Quote:

    To say that the CD version are "compromised" shows a lack of understanding of how radio, television and other forms of distribution of media works.
    Note: Mr. Bishop is the one who decided to call his CD versions compromised. I'm just agreeing with him. :-)

    Quote:

    If you try to playback an unlimited CD over the airwaves, massive distortion and overload will most certainly occur. In order to prevent that, measures must be taken such as limiting and compression.
    That's why the stations have their own compression/limiting systems. This jsut can't happen, it seems.

    Quote:

    Chris, the music industry is a competitive industry. Telarc would be stupid not to do what they are doing because ALL of the record companies that release jazz, pop, rock, gospel, neo soul and everything else under the sun are doing it.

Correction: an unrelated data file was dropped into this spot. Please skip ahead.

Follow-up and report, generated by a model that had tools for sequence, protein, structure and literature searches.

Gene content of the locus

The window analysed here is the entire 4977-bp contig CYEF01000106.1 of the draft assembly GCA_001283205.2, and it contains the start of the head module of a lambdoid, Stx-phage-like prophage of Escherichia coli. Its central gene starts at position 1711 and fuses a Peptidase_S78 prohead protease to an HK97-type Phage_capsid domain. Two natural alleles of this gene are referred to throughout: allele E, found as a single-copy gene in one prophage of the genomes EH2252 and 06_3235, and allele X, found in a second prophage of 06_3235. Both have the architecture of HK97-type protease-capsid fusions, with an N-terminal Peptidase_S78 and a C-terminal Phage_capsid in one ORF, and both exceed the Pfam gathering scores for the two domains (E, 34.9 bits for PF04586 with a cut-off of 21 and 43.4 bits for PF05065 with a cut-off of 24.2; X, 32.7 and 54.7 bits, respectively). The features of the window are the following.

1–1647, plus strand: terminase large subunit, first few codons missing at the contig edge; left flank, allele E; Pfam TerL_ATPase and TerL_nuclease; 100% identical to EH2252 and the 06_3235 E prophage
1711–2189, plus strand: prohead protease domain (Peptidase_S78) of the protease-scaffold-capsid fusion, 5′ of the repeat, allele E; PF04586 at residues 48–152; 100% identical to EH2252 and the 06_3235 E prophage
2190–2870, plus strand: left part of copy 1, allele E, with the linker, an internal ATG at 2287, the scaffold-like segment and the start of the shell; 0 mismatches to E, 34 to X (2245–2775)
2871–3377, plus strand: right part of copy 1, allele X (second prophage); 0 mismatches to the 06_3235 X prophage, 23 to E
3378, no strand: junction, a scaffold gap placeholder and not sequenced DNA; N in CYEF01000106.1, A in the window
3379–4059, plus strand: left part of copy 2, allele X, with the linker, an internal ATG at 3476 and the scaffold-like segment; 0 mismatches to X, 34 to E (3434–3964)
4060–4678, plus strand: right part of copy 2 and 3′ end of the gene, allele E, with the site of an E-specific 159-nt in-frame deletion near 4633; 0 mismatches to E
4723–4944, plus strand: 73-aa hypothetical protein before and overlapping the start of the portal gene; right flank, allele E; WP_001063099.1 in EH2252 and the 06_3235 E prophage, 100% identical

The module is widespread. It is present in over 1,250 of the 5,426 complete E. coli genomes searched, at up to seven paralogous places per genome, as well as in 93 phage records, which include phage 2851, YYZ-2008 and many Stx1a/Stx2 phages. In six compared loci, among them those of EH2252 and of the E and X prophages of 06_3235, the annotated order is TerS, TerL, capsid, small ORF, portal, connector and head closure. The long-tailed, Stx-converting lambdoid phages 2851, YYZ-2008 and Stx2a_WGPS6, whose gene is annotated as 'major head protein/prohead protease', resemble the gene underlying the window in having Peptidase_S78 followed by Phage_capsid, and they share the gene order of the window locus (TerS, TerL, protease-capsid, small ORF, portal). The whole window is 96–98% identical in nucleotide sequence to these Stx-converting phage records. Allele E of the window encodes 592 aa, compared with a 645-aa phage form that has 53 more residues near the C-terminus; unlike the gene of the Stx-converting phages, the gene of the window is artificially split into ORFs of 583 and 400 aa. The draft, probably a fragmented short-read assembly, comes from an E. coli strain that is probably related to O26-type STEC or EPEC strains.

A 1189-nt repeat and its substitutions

I disagree. Especially considering Telarc is supposedly a company that specializes in high quality recordings. Besides, I don't buy that the average consumer is quiete that stupid. You should read Bob Katz's take on compression, etc. on http://www.digido.com/


    Quote:

    . This is much like snack foods competiting for shelf space. The more colorful packages get notice, the plain ones do not. That is how competition works.
    Hmm. I agree completeley! But, the heavily compressed music is the plain white packages in my perspective. I am one that believes dynamics of teh music, voices, etc. are what lends a lot of emotional reaction to the audio.

    Quote:

    While it may be disturbing to you, As Michael has stated, this is an industry wide practice.
    The industry needs to reform this practice.

    Quote: